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Old 04-24-2012, 10:43 PM
 
4,538 posts, read 4,810,367 times
Reputation: 1549

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It's a lose-lose proposition...

"According to the Economic Policy Institute, the U.S. economy loses approximately 9,000 jobs for every $1 billion of goods that are imported from overseas.

For example, the United States has lost an average of 50,000 manufacturing jobs per month since China joined the World Trade Organization in 2001.

So what is Barack Obama doing about all of this?

Well, Obama has been aggressively pushing for even more "free trade" agreements. The Obama administration has inked deals with Panama, South Korea and Colombia and the Obama administration is making the Trans-Pacific Partnership ("the NAFTA of the Pacific") a very high priority.

Well, Mitt Romney must be criticizing these moves, right?

No, Romney has actually criticized Obama for not pushing for more "free trade" fast enough.

Mitt Romney wants to make it even easier for jobs to go out of the country and for other countries to drain our wealth. The following quote comes directly from the Romney campaign website....

Access to foreign markets is crucial to growing our economy. We must reassert American leadership in international negotiations, follow through on commitments we have already made, and push aggressively for advantageous new agreements."


There Is Not Going To Be A Solution To Our Economic Problems On The National Level
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Old 04-24-2012, 11:03 PM
 
3,045 posts, read 3,192,354 times
Reputation: 1307
Quote:
Well, Obama has been aggressively pushing for even more "free trade" agreements. The Obama administration has inked deals with Panama, South Korea and Colombia and the Obama administration is making the Trans-Pacific Partnership ("the NAFTA of the Pacific") a very high priority.
Did you not pay attention in college/high school when they proved a deadweight loss to the economy due to barriers of trade?
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Old 04-25-2012, 08:23 AM
 
4,538 posts, read 4,810,367 times
Reputation: 1549
Quote:
Originally Posted by noexcuseforignorance View Post
Did you not pay attention in college/high school when they proved a deadweight loss to the economy due to barriers of trade?
Back in the days of my 'college/high school', the job market was a hell of a lot better than it is today - so yes, I WAS payiing attention!
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Old 04-25-2012, 08:25 AM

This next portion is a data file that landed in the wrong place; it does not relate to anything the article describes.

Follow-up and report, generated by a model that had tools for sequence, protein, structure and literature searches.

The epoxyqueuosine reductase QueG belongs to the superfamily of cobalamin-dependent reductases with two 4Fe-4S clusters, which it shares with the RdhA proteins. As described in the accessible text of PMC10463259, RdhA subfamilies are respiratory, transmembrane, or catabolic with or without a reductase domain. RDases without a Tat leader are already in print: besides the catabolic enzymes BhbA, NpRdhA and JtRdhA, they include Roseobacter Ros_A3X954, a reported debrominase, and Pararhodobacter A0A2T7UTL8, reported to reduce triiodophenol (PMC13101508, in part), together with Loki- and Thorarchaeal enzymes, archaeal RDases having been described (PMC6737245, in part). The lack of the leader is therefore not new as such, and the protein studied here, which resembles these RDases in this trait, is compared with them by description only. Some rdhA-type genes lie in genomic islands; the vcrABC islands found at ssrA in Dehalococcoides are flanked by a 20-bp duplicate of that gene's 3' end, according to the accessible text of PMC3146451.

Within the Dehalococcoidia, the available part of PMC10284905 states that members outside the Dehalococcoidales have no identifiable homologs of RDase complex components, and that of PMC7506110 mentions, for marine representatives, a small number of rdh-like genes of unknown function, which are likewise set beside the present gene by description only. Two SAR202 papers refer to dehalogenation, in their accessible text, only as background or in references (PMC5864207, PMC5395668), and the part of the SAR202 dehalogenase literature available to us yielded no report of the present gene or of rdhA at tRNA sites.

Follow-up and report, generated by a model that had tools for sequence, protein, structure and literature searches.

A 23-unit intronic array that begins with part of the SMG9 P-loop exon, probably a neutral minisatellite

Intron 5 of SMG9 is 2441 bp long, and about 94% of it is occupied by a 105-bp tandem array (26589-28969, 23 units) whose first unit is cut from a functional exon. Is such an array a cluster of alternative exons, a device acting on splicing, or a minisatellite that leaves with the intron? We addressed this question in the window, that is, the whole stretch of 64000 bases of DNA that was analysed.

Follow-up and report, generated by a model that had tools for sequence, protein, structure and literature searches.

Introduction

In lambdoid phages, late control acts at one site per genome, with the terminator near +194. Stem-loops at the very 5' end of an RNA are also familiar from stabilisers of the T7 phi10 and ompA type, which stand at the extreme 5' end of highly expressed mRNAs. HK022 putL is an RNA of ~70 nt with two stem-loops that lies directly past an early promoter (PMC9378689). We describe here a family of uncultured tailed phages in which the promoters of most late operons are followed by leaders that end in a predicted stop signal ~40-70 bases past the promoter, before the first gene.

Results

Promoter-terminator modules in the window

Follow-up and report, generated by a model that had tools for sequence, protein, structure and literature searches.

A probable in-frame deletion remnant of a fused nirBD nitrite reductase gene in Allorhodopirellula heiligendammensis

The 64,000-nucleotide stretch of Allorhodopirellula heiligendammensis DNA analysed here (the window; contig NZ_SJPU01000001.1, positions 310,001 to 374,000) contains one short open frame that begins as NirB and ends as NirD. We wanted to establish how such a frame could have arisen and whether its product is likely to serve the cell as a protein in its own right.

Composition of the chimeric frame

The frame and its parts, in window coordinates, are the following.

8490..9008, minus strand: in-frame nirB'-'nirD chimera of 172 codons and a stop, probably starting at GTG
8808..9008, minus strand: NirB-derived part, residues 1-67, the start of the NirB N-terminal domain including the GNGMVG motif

Location: Arkansas
374 posts, read 812,303 times
Reputation: 567
This is probably a more realistic view than people would like to believe.
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Old 04-25-2012, 08:25 AM
 
23,838 posts, read 23,117,461 times
Reputation: 9409
That train has already left the station. The jobs aren't coming back under the current wage/benefit structure in America unless hefty tax breaks are thrown at businesses. Are Democrats prepared to do that? We already know the answer. Barack Obama is the antithesis. Mitt Romney is the far better candidate to deal with this problem.
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Old 04-25-2012, 08:29 AM
 
Location: Hoboken
19,890 posts, read 18,747,845 times
Reputation: 3146
Quote:
Originally Posted by KRAMERCAT View Post
It's a lose-lose proposition...

"According to the Economic Policy Institute, the U.S. economy loses approximately 9,000 jobs for every $1 billion of goods that are imported from overseas.

For example, the United States has lost an average of 50,000 manufacturing jobs per month since China joined the World Trade Organization in 2001.

So what is Barack Obama doing about all of this?

Well, Obama has been aggressively pushing for even more "free trade" agreements. The Obama administration has inked deals with Panama, South Korea and Colombia and the Obama administration is making the Trans-Pacific Partnership ("the NAFTA of the Pacific") a very high priority.

Well, Mitt Romney must be criticizing these moves, right?

No, Romney has actually criticized Obama for not pushing for more "free trade" fast enough.

Mitt Romney wants to make it even easier for jobs to go out of the country and for other countries to drain our wealth. The following quote comes directly from the Romney campaign website....